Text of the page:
• 8. Introduction Colorado Organization for Victim Assistance 16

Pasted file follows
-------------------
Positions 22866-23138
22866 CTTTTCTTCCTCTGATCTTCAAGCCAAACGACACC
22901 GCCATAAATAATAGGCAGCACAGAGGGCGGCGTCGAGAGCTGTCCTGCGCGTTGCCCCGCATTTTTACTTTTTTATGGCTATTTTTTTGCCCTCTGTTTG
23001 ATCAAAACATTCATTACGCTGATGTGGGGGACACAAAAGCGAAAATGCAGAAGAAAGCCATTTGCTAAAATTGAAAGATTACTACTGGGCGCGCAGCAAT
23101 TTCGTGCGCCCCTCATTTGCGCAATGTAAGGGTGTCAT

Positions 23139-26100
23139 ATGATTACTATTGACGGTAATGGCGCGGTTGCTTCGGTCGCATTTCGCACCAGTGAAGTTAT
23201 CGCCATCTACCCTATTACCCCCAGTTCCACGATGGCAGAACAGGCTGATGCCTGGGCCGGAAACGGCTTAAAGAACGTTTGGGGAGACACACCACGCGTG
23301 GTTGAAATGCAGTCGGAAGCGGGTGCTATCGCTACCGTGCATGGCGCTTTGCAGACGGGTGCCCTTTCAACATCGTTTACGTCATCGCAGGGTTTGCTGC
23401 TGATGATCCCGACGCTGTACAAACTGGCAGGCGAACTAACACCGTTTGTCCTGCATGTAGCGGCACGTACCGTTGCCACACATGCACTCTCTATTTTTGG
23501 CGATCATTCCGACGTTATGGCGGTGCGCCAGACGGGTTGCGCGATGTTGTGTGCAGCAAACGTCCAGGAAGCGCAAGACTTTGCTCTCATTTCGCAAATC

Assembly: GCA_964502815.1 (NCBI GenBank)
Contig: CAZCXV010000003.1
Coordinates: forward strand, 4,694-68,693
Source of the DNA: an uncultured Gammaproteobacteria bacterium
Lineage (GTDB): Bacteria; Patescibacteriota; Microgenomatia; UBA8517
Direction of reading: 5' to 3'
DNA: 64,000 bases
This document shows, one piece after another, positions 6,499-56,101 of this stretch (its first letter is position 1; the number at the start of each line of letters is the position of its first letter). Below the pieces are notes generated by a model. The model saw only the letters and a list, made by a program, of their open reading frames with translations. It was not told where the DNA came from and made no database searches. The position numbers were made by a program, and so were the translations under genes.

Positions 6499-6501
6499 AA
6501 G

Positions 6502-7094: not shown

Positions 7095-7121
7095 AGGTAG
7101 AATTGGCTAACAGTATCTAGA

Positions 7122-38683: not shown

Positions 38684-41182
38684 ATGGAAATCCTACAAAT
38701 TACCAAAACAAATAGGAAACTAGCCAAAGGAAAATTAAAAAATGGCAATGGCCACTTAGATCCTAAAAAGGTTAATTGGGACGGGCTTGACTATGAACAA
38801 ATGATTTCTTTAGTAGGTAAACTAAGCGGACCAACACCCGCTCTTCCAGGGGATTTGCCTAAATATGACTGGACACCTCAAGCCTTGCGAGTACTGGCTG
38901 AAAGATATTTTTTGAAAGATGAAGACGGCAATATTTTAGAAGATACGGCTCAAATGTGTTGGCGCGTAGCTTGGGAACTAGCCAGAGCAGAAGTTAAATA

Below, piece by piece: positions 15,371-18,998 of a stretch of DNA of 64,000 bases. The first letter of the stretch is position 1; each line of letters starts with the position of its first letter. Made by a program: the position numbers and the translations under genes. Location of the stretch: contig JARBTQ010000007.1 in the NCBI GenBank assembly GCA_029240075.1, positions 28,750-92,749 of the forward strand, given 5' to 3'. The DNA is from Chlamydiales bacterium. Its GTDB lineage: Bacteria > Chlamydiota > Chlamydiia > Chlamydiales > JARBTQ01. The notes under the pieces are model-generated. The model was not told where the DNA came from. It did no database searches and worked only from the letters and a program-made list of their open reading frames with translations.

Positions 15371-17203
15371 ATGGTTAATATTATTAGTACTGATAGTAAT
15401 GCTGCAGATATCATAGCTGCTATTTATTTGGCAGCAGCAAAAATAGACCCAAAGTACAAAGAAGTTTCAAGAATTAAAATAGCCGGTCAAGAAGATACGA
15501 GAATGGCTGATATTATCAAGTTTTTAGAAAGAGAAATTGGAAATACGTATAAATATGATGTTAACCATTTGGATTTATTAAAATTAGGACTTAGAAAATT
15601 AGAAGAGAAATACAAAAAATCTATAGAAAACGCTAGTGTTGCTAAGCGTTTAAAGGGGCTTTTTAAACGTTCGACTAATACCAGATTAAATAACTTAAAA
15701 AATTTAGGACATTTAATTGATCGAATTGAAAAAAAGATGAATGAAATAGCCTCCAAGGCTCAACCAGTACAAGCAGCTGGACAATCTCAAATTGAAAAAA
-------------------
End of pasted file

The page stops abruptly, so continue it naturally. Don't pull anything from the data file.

• 9. Victims of Crime Victims of crime, through no fault of their own, suffer physical, emotional and financial loss. Their lives are irrevocably changed, as are the lives of their family and friends. A victim interviewed in 1982 by the President's Task Force stated the following: quot;They explained the defendant's constitutional rights to the nth degree. They couldn't do this, and they couldn't do that because of his constitutional rights. And I wondered what mine were. And they told me I haven't got any.quot; Victims believe that as long as the offender is involved in the criminal justice process, the victim must also be given the choice to be involved. It is intolerable that victims of crime suffer secondary victimization by the criminal justice system. Victimization is the process of becoming a victim through: 1. A traumatic event, 2. Secondary wounding experiences (revictimization), or 3. Acceptance of the label of victim. A victim, according to the American Heritage Dictionary, is someone who is harmed or killed by another, or someone who is made to suffer from an act, circumstance, agency, or condition. Victimization is a stress situation that can result in a crisis for the victim. It is often sudden, giving the victim little or no opportunity to prepare psychologically. Victimization is frequently arbitrary with no reason or explanation, leaving the victim with the question, quot;why me?” A victim's response to the traumatic event can be the following: 1. Loss of invulnerability, creating a sense of doom and intense fear, 2. Loss of an orderly world, leaving the victim in a state of turmoil and confusion, 3. Their views on human decency and social justice are destroyed, 4. Loss of a positive self image: feeling helplessness, powerless and needy, 5. Feeling like a child: dependent and in need of assistance, 6. Overwhelmed by feelings of anger and rage, or 7. Desire to withdraw and isolate from others. Revictimization, or secondary wounding, is caused by one or more of the following reactions to or treatment of victims: 1. Disbelief, denial, or discounting what has occurred, 2. Blaming the victim for the event, increasing the victim's sense of shame, 3. Judging the victim negatively for normal reactions, i.e. misinterpretation of post traumatic stress symptoms as a sign of deep psychological problems, 4. Punishing the victim rather than the offender, or 5. Denial of assistance including support, resource referrals, financial assistance, participation in the process, information, and the right to be heard. Lois Haight Harrington, who directed the President's Task Force on Victims of Crime, said, quot;Somewhere along the way, the system began to serve lawyers and judges and defendants, treating the victims with institutionalized disinterest. The neglect of crime victims is a national disgrace.quot; Colorado Organization for Victim Assistance 17